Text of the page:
A retired High Court judge wants the law banning traditional foxhunting in Scotland to be revised.
“There are aspects and features of the legislation which complicate unduly the detection, investigation and prosecution of alleged offences,” said Lord Bonomy, appointed last year by the Scottish Government to review the Protection of Wild Mammals (Scotland) Act 2002.
His report, published on Monday, represents a rejection of pleas from three Borders hunts – the Buccleuch, Lauderdale and Berwickshire – for no change to a statute criticised by animal rights groups.
In his submission to Lord Bonomy, Joe Scott Plummer, chairman of the Buccleuch Foxhounds, claimed the legislation “achieved a balance between providing the necessary level of control of wild mammals while allowing for their effective control”.
Also calling for the retention of the status quo was Trevor Adams, the former Buccleuch Hunt master who was the first person in Scotland to be charged with transgressing the law.
But in his recommendations, Lord Bonomy calls for the law to be strengthened and loopholes closed.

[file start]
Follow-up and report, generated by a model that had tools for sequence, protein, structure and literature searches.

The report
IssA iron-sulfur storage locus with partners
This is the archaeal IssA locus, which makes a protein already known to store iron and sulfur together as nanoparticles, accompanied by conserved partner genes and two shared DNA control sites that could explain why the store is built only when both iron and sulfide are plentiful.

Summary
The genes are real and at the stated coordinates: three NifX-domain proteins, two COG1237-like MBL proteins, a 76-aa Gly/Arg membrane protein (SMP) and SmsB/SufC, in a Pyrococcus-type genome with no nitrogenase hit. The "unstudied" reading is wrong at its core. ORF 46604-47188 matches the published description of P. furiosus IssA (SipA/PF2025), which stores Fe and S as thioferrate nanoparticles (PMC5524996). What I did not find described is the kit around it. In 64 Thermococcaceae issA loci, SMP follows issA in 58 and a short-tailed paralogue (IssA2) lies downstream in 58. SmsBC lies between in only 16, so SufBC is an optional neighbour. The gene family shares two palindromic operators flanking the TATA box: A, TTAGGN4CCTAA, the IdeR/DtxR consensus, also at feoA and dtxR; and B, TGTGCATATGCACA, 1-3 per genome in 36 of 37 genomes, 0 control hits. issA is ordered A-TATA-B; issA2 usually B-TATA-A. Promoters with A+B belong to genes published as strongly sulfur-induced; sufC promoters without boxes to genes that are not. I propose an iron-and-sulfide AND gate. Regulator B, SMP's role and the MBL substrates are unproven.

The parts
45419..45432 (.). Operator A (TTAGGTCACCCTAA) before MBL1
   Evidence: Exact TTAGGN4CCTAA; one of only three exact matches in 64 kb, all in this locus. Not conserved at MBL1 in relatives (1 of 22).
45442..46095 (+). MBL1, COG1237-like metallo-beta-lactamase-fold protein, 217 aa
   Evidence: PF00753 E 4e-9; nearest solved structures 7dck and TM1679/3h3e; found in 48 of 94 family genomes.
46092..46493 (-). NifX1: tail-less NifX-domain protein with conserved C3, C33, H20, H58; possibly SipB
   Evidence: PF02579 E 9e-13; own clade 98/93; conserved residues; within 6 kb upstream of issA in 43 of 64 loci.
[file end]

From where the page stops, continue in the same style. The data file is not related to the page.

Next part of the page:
He says there is no clear answer about whether the act has resulted in the elimination of the chase and kill by hounds, while allowing effective and humane control of foxes by flushing to guns.
“Revising and amending the terms of the act and introducing measures aimed at making the actions of hunts more transparent and accountable could lead to a situation where a positive answer can be given to both,” he said.
He says consideration should be given to restricting the underground flushing out of foxes to a single dog, the appointment of independent monitors to observe hunt activities and a new code of practice for hunts, including a requirement to notify the police in advance, the number of hounds being used and identities of the gun operators.